Taxonomy and Systematics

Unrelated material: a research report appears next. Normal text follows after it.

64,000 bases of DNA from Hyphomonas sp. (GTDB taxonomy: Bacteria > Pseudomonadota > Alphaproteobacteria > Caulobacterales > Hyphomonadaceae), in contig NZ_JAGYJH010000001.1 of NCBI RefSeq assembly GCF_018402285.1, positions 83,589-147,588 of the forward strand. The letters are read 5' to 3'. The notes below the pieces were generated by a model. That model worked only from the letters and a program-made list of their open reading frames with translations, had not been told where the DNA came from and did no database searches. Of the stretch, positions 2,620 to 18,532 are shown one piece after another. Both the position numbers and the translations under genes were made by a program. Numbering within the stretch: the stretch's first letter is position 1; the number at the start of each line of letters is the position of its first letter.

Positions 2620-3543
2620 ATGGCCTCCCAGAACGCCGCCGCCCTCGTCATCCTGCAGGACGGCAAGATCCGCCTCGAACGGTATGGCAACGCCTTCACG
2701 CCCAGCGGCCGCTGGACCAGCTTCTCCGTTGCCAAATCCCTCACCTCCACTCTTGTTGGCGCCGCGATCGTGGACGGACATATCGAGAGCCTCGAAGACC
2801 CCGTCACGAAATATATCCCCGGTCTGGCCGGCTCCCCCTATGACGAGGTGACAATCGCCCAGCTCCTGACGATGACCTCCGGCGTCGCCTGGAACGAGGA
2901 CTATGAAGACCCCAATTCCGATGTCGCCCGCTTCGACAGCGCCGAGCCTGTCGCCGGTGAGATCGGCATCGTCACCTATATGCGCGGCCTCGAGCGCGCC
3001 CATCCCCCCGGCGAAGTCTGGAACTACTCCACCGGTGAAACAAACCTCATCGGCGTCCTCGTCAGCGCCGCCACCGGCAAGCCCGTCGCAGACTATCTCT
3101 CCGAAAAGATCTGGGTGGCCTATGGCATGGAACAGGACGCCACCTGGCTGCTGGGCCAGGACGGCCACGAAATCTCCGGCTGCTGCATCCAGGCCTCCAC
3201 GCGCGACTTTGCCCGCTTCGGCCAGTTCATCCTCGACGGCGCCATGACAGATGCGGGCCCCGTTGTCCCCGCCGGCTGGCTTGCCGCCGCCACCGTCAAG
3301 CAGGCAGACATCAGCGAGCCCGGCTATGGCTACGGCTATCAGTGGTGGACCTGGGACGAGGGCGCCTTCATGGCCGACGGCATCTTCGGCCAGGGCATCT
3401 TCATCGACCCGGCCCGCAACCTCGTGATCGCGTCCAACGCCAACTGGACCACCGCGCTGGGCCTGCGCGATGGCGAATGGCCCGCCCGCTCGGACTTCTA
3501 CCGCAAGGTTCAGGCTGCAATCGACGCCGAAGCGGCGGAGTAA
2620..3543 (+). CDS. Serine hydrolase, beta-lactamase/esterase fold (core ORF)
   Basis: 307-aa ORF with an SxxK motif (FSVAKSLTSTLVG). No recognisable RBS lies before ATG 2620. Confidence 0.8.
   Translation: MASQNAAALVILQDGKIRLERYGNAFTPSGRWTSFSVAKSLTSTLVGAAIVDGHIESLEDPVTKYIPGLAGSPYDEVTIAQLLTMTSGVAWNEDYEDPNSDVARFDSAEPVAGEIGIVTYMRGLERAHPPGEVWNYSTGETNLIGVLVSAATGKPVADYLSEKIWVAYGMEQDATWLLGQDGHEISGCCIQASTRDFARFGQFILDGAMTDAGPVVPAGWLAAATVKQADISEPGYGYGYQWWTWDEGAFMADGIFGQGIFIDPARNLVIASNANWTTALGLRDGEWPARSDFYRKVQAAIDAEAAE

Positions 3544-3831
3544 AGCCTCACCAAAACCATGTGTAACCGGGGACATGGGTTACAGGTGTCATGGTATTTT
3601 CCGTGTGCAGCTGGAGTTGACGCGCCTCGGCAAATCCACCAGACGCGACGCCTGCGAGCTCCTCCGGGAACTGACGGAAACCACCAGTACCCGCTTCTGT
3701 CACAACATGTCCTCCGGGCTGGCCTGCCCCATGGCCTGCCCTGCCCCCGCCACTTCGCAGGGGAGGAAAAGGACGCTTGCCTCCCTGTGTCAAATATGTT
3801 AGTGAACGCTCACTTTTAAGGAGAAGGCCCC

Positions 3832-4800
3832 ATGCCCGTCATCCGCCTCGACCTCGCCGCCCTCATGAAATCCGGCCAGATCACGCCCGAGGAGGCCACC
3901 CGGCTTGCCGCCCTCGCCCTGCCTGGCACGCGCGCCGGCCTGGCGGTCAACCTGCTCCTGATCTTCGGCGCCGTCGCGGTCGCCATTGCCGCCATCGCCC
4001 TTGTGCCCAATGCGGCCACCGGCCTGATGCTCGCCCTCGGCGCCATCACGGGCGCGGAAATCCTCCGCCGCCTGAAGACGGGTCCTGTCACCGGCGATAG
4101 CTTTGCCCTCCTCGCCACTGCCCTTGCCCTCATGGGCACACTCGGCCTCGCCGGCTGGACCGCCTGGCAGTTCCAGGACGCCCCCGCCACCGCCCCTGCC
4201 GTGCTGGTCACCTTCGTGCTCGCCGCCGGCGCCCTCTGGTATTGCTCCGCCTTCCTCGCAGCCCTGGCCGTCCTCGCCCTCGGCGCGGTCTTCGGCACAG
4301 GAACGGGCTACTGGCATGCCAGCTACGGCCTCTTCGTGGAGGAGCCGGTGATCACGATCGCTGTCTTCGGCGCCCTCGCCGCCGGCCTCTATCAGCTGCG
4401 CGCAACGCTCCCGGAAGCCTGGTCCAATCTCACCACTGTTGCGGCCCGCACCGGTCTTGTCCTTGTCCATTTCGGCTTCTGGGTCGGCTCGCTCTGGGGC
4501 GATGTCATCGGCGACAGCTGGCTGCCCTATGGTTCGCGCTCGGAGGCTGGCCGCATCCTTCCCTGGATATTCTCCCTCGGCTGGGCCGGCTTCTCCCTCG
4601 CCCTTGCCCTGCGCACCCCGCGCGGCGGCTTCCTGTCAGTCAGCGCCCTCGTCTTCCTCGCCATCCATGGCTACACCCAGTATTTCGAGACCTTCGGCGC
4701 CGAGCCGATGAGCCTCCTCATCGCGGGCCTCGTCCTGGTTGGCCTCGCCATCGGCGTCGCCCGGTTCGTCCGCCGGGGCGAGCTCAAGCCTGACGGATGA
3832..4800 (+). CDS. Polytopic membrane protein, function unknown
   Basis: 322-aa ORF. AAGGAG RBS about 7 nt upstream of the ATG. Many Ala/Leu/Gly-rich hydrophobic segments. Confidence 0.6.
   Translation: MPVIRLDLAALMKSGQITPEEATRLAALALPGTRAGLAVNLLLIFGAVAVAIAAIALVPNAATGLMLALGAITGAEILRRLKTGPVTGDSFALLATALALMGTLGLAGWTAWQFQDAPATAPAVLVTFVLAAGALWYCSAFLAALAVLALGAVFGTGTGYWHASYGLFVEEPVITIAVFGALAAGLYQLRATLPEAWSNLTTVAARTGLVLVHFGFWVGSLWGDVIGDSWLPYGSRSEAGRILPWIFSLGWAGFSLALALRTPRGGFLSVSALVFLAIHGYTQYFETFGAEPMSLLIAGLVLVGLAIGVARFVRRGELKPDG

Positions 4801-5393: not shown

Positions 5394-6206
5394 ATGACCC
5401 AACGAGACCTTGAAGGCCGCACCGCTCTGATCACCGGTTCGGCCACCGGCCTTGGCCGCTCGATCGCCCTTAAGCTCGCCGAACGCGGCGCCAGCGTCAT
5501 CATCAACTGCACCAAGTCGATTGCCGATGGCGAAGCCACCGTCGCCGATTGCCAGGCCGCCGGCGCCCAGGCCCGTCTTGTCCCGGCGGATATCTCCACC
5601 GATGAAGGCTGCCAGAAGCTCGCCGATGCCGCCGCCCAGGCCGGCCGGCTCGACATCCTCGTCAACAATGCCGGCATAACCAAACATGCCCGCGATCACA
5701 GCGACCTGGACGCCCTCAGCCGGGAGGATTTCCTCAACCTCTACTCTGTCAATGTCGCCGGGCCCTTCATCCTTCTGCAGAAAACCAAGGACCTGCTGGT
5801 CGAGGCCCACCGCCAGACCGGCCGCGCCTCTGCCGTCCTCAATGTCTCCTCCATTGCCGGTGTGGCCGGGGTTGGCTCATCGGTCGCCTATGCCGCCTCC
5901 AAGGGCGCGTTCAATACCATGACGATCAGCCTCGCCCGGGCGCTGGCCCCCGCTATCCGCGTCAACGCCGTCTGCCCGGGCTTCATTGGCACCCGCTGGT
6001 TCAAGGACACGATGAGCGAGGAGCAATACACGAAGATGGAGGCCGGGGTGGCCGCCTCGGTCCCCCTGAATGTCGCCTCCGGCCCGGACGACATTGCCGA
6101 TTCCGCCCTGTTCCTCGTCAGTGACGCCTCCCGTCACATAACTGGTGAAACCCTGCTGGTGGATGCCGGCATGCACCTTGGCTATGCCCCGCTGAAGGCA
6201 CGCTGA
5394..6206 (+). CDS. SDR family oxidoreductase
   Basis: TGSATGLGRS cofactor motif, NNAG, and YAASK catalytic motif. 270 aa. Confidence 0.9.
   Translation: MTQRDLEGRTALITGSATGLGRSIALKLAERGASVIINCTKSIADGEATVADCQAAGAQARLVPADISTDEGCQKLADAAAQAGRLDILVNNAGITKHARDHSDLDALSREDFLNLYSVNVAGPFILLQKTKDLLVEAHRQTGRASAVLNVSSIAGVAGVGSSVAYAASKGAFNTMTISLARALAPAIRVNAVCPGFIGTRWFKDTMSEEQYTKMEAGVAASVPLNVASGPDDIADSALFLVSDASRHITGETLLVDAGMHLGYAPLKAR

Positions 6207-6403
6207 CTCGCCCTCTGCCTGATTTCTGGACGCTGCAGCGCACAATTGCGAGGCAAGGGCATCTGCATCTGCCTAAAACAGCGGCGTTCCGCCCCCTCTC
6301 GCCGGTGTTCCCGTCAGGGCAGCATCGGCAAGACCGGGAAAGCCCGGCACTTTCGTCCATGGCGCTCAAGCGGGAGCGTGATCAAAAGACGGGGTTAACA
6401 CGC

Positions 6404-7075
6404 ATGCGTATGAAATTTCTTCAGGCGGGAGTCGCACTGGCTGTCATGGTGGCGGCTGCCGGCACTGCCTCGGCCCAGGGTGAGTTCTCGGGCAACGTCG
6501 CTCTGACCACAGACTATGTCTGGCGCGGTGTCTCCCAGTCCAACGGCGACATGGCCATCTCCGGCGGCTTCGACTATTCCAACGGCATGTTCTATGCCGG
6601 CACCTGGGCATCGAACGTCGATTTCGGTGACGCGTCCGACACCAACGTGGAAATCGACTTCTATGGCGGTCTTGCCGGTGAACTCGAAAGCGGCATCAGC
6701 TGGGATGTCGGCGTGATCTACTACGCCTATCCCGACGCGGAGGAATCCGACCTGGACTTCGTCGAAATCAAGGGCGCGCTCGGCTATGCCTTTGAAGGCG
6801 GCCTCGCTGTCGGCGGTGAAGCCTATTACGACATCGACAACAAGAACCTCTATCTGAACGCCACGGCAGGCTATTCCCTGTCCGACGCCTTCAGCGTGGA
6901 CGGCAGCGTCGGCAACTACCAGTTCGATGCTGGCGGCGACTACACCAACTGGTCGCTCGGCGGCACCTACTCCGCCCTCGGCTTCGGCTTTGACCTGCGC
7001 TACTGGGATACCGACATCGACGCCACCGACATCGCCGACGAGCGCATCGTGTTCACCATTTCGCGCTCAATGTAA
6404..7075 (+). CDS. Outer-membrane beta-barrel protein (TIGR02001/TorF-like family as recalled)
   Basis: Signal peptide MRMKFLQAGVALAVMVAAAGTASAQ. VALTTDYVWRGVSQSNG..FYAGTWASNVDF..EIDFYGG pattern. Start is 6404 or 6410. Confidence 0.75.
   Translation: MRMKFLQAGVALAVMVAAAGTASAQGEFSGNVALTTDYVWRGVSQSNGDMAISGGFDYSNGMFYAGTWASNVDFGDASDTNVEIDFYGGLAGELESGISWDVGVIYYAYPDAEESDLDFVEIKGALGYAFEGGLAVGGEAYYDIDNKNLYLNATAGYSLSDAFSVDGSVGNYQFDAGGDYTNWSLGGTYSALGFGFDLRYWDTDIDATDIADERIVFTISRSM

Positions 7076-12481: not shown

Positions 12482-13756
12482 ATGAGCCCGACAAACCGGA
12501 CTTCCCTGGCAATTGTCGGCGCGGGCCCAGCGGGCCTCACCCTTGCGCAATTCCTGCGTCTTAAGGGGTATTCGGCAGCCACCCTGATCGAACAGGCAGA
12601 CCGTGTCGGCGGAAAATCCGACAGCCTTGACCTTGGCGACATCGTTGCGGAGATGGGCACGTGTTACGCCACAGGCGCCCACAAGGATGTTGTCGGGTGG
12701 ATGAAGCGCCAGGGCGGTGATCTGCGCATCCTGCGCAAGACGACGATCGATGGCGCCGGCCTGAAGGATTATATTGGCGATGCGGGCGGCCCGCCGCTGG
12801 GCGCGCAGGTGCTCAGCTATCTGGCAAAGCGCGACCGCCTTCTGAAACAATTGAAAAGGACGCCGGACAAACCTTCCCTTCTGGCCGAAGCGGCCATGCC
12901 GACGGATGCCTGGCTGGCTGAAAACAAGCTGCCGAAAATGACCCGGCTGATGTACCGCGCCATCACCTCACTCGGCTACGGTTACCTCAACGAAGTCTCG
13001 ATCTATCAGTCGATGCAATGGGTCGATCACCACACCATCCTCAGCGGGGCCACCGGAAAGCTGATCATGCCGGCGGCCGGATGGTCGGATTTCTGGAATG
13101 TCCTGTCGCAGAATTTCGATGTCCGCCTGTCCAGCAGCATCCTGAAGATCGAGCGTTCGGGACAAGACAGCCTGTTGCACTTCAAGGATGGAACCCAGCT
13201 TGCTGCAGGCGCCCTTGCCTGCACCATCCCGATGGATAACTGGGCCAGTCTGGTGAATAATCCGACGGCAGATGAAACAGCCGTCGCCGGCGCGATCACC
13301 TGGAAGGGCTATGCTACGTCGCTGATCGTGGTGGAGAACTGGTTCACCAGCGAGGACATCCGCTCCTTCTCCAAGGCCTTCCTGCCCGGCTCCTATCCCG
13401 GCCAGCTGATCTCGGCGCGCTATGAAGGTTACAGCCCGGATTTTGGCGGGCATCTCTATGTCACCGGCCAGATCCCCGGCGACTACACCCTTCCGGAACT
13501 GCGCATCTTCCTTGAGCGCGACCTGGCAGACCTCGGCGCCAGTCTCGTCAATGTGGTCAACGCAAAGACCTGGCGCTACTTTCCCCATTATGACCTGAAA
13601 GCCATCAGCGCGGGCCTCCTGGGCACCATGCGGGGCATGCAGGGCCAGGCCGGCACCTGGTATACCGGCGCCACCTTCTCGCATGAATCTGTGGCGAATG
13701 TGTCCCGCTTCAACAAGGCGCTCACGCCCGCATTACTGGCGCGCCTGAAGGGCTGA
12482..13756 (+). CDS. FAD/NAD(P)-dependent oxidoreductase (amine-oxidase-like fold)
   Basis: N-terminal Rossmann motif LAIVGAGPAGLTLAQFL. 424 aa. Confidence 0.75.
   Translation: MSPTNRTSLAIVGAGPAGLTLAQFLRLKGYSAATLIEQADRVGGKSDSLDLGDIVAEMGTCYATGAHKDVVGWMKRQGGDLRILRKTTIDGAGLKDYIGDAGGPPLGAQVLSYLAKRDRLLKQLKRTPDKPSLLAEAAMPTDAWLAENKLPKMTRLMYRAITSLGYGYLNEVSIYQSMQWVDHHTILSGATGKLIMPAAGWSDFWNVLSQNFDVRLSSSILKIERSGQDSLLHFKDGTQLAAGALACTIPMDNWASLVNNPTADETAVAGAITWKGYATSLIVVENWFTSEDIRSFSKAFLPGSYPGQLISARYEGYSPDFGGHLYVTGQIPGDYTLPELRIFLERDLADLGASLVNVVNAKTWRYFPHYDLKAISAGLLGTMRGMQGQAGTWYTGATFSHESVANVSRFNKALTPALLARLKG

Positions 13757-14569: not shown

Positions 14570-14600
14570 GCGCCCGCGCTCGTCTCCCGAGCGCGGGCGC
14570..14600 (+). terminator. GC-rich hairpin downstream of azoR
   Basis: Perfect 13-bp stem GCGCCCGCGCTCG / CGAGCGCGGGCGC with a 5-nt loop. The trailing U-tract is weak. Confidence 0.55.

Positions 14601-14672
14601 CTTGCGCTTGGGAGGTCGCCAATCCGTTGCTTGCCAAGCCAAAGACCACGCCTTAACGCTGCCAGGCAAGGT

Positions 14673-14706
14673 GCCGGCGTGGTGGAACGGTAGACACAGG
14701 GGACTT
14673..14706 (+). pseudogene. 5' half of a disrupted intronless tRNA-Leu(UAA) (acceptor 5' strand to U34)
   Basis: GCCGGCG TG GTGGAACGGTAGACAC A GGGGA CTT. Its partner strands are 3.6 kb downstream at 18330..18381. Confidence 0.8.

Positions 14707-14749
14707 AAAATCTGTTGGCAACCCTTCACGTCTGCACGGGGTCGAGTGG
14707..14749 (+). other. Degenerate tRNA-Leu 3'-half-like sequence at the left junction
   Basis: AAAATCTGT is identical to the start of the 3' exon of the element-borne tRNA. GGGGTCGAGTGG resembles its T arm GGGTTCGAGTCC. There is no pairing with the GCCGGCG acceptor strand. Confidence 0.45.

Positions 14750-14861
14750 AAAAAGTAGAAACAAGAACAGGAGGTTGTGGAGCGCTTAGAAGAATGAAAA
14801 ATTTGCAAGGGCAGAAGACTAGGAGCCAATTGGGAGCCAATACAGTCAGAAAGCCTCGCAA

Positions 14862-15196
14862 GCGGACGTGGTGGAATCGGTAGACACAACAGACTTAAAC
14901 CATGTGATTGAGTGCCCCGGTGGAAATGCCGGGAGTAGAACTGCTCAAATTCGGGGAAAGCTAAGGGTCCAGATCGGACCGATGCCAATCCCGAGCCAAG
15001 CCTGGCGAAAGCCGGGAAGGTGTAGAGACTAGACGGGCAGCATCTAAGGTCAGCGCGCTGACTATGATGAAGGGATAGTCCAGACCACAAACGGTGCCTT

We study the diversity of organisms and their evolution in space and time; the collections are a fundamental basis in this regard. Moreover, we study biogeography and compare the structure and function of organisms, including all structural levels such as genomes, cells, tissues, metabolism, and anatomy/morphology, considering both extant organisms and fossils in the process. Based on these data, we delineate species and explore their internal relationships (among populations or morphs). On this basis, we further explore the geographic distribution of species and their subunits and search for common patterns. Eventually, we reconstruct the phylogenetic relationships among species and group them within higher taxa, and we analyze the evolution of structures and their functions as well as the distributional history of taxa (bio/phylogeography). We use modern and classic methods as appropriate, and much of our research is based on the collections. With our basic research we provide the knowledge of biodiversity, which we pass on to the scientific community and society, thereby also laying the foundation for all further exploration of biodiversity in RFs II and III. Yet, at all levels we also use the results of our research to develop direct applications. We generate and transfer taxonomic knowledge to the scientific community and society.